A new world potential
Is straining its fetter –
Don’t let it be wasted,
Let’s mould it for better.

The outlook is scary,
And noisy, and strange –
Best hang-on together
And brace for the change.

Don’t stand in the way of transmission,
The shockwaves and echoes will rebound for years.
The levees are burst and the dykes overtopped,
And the flood will not notice our tears.

Pinhole Camera

Photo by Filipe Delgado on Pexels.com

Pinhole Camera

Hold this poem at arm’s length,
And peer right through its O’s.
Even the ones in lower case
Contain an awful lot of space –
But just how large is small , do you suppose ?
Good try, but a little under-strength –
Your guess is a tenth of a tenth of a tenth.

Within that ringlet, give or take,
Between the billion nitrogens,
Are photons – streaming on a breeze
From fifty thousand galaxies,
Upon a thoughtful mind or friendly lens –
As through the page, within its wake,
The universe is on the make.

Shipshape

Photo by Adi Perets on Pexels.com

Shipshape

Stage right is my right,
But my right ain’t your right,
So my right is your wrong,
And your long is my height.
But ships have got it sorted out,
No matter which way turned about.

I’m upstage left of down,
I’m out-bound and in-town,
So my step is your kerb,
And your verb is my noun.
But ships have got it followed-through,
Where starboards start and end on cue.

Stage right is my right
To see things through my sight,
So my late is your soon,
With high noon at midnight.
But ships have got it fair and square,
Where port is port, and over there.

Thou Shalt Not Gender with a Diverse Kind

Photo by light wizzi on Pexels.com

Thou Shalt Not Gender with a Diverse Kind

                    (in response to Leviticus 19:19)

I am the Lord your God,
And I clearly lay down word and rule –
Do not interbreed your cattle,
Nor produce a hybrid mule –
For if your beef is tough,
Then that is how I mean your beef to taste,
Do not allow these foreign cows
To make your home-grown bulls debased.
Don’t raise a mule, but make do with an ass,
And a smaller pack.
Don’t mix your strands,
But keep your garments pure upon your back.
Don’t weft your linen with your wool,
And mingle threads within your hem.
And though these laws be heavy,
Use no mule to help you carry them.

I say again, I am your Lord,
No things of yours shall fraternise –
Don’t plant your field with many seeds,
Or who can know what shoots may rise ?
Let pagans plant their carrots with their leeks
To keep them company,
But I say, let yours suffer by the fly,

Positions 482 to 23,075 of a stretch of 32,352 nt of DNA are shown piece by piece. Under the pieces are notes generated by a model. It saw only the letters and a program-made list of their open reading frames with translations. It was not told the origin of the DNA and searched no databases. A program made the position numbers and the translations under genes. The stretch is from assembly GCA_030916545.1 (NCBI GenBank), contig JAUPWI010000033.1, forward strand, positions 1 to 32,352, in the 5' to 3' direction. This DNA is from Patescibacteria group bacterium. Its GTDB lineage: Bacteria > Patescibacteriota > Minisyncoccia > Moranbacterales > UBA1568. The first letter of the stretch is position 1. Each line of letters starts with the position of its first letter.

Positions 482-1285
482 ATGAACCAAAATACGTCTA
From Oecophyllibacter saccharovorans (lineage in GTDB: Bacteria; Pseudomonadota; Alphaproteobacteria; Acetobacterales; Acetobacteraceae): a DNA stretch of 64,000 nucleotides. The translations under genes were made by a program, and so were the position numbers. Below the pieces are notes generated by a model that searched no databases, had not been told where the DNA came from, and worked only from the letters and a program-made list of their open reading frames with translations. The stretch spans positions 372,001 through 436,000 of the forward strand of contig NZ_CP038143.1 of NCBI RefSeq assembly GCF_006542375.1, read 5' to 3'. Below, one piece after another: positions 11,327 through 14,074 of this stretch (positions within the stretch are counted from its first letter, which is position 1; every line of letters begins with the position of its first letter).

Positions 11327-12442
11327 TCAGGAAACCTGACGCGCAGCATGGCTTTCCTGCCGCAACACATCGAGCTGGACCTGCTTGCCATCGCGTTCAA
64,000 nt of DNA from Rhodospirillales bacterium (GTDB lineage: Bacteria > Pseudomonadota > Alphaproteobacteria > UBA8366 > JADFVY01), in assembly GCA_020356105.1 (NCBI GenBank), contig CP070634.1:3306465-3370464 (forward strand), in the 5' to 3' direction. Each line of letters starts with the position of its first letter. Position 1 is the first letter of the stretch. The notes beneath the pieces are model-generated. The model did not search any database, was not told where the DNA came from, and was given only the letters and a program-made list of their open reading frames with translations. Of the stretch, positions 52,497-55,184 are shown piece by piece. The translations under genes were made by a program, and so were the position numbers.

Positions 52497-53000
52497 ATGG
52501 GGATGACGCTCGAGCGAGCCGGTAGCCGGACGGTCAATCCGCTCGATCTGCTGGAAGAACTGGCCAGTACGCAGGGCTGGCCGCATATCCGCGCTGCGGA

For it is sent by me.
Now let the weevil dine on fruits and grains,
And slugs reduce your yields,
And praise my swarming locusts
As they take your monocultured fields.
Do not co-plant companions,
For all your crops must stand alone –
Just like my hungry chosen people
In this wilderness I’ve sown.

Mus laboritorium

Photo by Pixabay on Pexels.com

Mus laboritorium

We should put up statues
To the mice that we have doctored,
That we’ve prodded in the genome,
And remodelled in the womb.
We should hail as heroes
All these spidermen of rodents
With their mutant-managed powers
That we twist and splice and groom.

Quick-grown maturity,
Inbred for purity,
With white fur unblemished,
While their cultured cells outlive them.
Red-eyed and pink-eared,
Stripped-down and re-geared,
Free of fleas and all disease
(Except the ones we give them).

I try not to think of how much pain
We put them through –
It’s what we have to do
To avoid the pain ourselves, I guess.
They’ve brought us so much gain,
But we’re too ashamed to speak it –
The sterile dirty little secret of our great success.

We should sing a ballad
To the mice who helped us conquer
Tuberculosis, polio,
Leukaemia and measles.
Or give a quiet thank-you
When a treatment proves effective –
They keep us safe from swine-flu,
So we keep them safe from weasels.

Dozens, hundreds, millions,
A well-groomed swarm resilient –
And when they die, attended by
A white-frockcoated mourner.
These un-cavy guinea-pigs,
These wheel-running whirligigs,
These supermodel-organisms
Squeaking in the corner.

I try not to think how many mice
Have died for me,
Have lived a life of agony
Because they are expendable, I guess.
They are the devil’s price
For our seeming immortality –
Our flexible morality, that drives us to progress.